Saturday, March 16, 2013

Your Savings Account

O.K. probably not YOURS as I believe I have seen only one reader from Cyprus since I've been keeping track, but here's what happens when your government finds itself short of funds to pay its employees and retirees and can't get a loan from anyone without being expected to pay interest on it.

Raise Taxes! The omnibus solution to any problem a government could face. To be fair, let's make it across the board, but we'll taper it a bit so as to hit the rich a bit harder.
It is difficult to describe the weekend bailout package to Cyprus in any other way. The confiscation of 6.75 percent of small depositors' money and 9.9 percent of big depositors' funds is without precedence that I can think of in a supposedly civilised and democratic society.
Yup, the banks closed on Friday, as they usually do, and are not expected to open until Tuesday, as Monday is a Bank holiday, and Saturday morning, poof, your account is magically shrunken by the above percentages.  Nobody gets to cheat, as they usually do. BTW, most of the large depositors there seem to be Russian oligarchs, who seem to think their money would be safer outside Mother Russia.

Could have been worse. The Germans were lobbying for a 40% slice.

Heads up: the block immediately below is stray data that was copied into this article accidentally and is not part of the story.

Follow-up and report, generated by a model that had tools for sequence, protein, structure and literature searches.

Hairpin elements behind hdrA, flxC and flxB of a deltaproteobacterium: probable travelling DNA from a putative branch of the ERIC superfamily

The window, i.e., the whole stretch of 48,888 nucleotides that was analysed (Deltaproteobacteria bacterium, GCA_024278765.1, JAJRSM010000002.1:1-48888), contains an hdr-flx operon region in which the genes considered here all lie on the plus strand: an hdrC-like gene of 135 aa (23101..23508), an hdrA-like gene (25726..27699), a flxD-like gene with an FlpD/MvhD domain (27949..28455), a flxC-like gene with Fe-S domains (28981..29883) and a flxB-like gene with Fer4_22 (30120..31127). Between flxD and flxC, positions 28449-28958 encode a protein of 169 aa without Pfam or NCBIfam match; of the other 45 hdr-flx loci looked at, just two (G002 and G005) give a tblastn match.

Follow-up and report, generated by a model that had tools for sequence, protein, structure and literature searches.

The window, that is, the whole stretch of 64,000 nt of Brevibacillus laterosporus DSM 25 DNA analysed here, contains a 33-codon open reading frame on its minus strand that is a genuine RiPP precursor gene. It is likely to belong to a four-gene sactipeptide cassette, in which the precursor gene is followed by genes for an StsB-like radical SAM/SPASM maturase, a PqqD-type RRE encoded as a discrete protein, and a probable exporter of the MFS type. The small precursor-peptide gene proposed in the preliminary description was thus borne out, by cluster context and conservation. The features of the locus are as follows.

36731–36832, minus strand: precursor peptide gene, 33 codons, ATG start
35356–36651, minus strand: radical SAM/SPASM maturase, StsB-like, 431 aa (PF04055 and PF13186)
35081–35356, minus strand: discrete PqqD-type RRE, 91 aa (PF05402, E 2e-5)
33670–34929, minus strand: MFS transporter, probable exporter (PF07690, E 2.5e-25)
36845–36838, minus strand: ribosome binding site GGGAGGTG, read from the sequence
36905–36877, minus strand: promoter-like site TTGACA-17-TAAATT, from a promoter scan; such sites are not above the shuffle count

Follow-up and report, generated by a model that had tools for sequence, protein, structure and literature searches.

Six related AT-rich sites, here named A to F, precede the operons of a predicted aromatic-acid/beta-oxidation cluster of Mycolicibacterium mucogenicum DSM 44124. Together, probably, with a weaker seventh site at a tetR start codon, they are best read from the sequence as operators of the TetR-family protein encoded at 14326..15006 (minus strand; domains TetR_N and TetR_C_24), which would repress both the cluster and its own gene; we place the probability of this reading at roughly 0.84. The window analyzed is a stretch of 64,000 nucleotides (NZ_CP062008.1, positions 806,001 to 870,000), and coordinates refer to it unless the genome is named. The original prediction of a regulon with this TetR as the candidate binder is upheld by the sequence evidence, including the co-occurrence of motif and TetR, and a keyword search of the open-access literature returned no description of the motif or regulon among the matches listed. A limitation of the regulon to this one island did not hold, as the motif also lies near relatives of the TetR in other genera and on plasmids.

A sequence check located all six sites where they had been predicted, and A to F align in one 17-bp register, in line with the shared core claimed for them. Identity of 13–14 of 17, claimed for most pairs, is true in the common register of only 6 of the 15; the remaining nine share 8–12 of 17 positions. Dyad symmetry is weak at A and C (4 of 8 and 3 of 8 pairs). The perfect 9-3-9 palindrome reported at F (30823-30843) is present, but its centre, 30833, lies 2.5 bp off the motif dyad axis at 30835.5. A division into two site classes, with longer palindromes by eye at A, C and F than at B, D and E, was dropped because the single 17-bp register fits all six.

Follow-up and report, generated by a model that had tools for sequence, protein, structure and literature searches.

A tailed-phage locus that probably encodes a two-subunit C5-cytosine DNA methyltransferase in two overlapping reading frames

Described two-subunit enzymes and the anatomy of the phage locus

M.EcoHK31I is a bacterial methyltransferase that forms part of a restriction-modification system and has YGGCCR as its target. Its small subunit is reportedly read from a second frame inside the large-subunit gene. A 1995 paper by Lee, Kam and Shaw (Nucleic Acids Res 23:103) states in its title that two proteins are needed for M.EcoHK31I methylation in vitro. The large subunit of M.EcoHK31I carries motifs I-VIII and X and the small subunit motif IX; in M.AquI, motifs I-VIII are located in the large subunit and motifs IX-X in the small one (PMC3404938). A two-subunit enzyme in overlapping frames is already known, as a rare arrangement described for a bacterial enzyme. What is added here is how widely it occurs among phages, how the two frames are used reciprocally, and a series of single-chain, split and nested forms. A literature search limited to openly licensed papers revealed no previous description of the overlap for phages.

Many of the Russians are probably innocent businessmen. The way to bet would be that some percentage of them are the types from whom you most emphatically DO NOT want to be seen as taking their money without permission.

As an aside, there are several other European countries in similar straits. I'm thinking massive bank runs in Greece, Italy, Spain, Portugal, and possible some others come Tuesday morning.

Could get ugly.

1 comment:

Brad K. said...

There is another thought about the Russian mob taking an unexpected hit (

"Besides, if you think the Russian deposit holders are fatally wounded right now, think again. They've seen this coming for at least 6 months, they've had all the time they need to move assets around, and, if anything, will simply use this decision to launder a lot of capital, and happily pay a 10% fee for the honor."